2017 is here. Anthony S Casey is proud to support the Little Sisters Fund based out of Nepal. He are continually impressed by the achievements of our Little Sisters. They have already completed so much in the past few months! At the request of our partner schools, we are expanding our primary educator training program to Middle School this year! Plus, Little Sisters is touring soon to visit supporters.

The end of year fundraising campaign was a resounding success. Exceeded our goal by over 25 percent, over 2,000 girls are in school and Little Sisters is able to support them thanks to sponsors like Anthony S Casey.

Here are some highlights from recent successes.

 

Educator Training

Our Little Sisters receive the best education possible we strive to achieve this through the Primary Educator Training (PET) program. One school at a time, Little Sisters Fund continues to partner with schools to improve the Nepali education system for all students.

PET trains primary level teachers to use child-focused teaching methods that encourage analytical and critical thinking. In 2016, we conducted 22 trainings in 8 districts. 360 teachers attended these trainings, indirectly impacting approximately 9,000 students throughout Nepal. In 2017 as we work toward our goal of training teachers in all 90+ LSF primary partner schools. The PET course has been so successful at the primary level that, at the request of our partner schools, we’re putting together a pilot program to extend the course to secondary level teachers.

Meet Tribisha

In Nepal, any disability, and specifically one of this magnitude, can keep a girl out of school and cloistered or hidden away in the home. Tribisha was born with spina bifida and must use crutches and leg braces to walk. She has always been determined to defy the odds that have been stacked against her since birth.

Tribisha joined LSF in 2011. Now 16 years old, she inspires us with her determination and accomplishments. She was awarded the “Disabled Student Genius Award” for her high marks on the School Leaving Certificate exam in December and she will soon be publishing her first short novel, Niruta, which tells the story of the challenges a young girl faces growing up in Nepal.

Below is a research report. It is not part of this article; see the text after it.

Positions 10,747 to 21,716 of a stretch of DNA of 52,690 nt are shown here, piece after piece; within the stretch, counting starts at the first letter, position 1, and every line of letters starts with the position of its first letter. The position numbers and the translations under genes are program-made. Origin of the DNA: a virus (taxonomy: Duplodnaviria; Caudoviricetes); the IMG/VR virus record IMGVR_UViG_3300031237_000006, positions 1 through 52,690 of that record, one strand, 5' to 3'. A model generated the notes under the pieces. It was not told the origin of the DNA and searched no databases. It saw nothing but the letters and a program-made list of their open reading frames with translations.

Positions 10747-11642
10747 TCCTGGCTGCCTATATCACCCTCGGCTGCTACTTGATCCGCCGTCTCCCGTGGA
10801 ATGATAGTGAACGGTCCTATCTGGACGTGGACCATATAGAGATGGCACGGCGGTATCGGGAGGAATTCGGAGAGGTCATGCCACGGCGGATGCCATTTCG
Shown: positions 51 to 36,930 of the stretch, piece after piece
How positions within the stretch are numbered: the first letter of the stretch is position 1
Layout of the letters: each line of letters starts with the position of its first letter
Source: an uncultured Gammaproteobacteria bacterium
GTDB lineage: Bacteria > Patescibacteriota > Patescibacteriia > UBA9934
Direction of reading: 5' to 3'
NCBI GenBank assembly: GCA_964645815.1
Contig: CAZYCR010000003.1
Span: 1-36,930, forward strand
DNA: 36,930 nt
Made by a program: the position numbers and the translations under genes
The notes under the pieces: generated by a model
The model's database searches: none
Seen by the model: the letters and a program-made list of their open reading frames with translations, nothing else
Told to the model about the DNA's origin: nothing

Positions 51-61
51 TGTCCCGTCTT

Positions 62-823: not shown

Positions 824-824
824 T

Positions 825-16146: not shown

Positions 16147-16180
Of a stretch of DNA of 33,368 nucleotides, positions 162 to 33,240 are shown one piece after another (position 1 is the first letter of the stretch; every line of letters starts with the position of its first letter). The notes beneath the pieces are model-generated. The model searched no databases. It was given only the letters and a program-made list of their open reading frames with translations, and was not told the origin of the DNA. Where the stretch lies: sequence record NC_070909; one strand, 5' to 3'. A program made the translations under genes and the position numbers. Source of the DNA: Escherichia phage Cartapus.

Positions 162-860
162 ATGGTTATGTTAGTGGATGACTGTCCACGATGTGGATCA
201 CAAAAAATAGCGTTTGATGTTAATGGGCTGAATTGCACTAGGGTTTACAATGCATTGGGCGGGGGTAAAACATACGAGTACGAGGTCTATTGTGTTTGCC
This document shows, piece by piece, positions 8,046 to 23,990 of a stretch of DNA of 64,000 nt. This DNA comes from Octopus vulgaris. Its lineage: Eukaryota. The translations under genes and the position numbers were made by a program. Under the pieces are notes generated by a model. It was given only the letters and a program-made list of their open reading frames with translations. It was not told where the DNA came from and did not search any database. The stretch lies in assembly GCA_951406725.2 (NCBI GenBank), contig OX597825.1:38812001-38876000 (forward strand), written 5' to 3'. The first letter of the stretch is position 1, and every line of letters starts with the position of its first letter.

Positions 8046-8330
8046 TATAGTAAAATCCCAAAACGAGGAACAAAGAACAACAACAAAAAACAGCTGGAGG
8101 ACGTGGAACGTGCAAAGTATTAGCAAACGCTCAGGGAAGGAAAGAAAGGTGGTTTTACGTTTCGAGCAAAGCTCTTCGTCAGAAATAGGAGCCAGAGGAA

Little Sisters is incredibly proud of Tribisha’s achievements and we look forward to watching her continue to inspire the girls who follow in her path. Read more of her story on LittleSistersFund.org.

 

How Future Generations Will Define Philanthropy

Millennials is not always a nice term. People typically think of this generation as a self-centered, lazy, materialistic bunch.

But, millennials are actually a lot more generous than you think.

According to an article in CNBC, millennials are on track to be the next major donors. On average, millennials donate an annual gift of $481 US dollars.

An article from the Case foundation cites that millennials practice philanthropy in the same ways as older generations. But, their underlying motivations are different. Passion, meeting people and enhancing expertise in certain fields now influence this young influential generation to contribute to their society.

The generation of coffee-drinking, small-batch draft beer preferring college-educated courageous young people, or sometimes known as millennials, who are heralding in a new age of giving. Because of this, we need to think of an “appendage” to the existing definition of philanthropy, which reflects new criteria and includes the time spent with the cause, talent one can use to benefit the cause, financial contributions donated for charitable work (even $5 per month), the influence of an individual’s voice advocating and educating others, and the potential to grow one’s network through leveraging personal and professional relationship.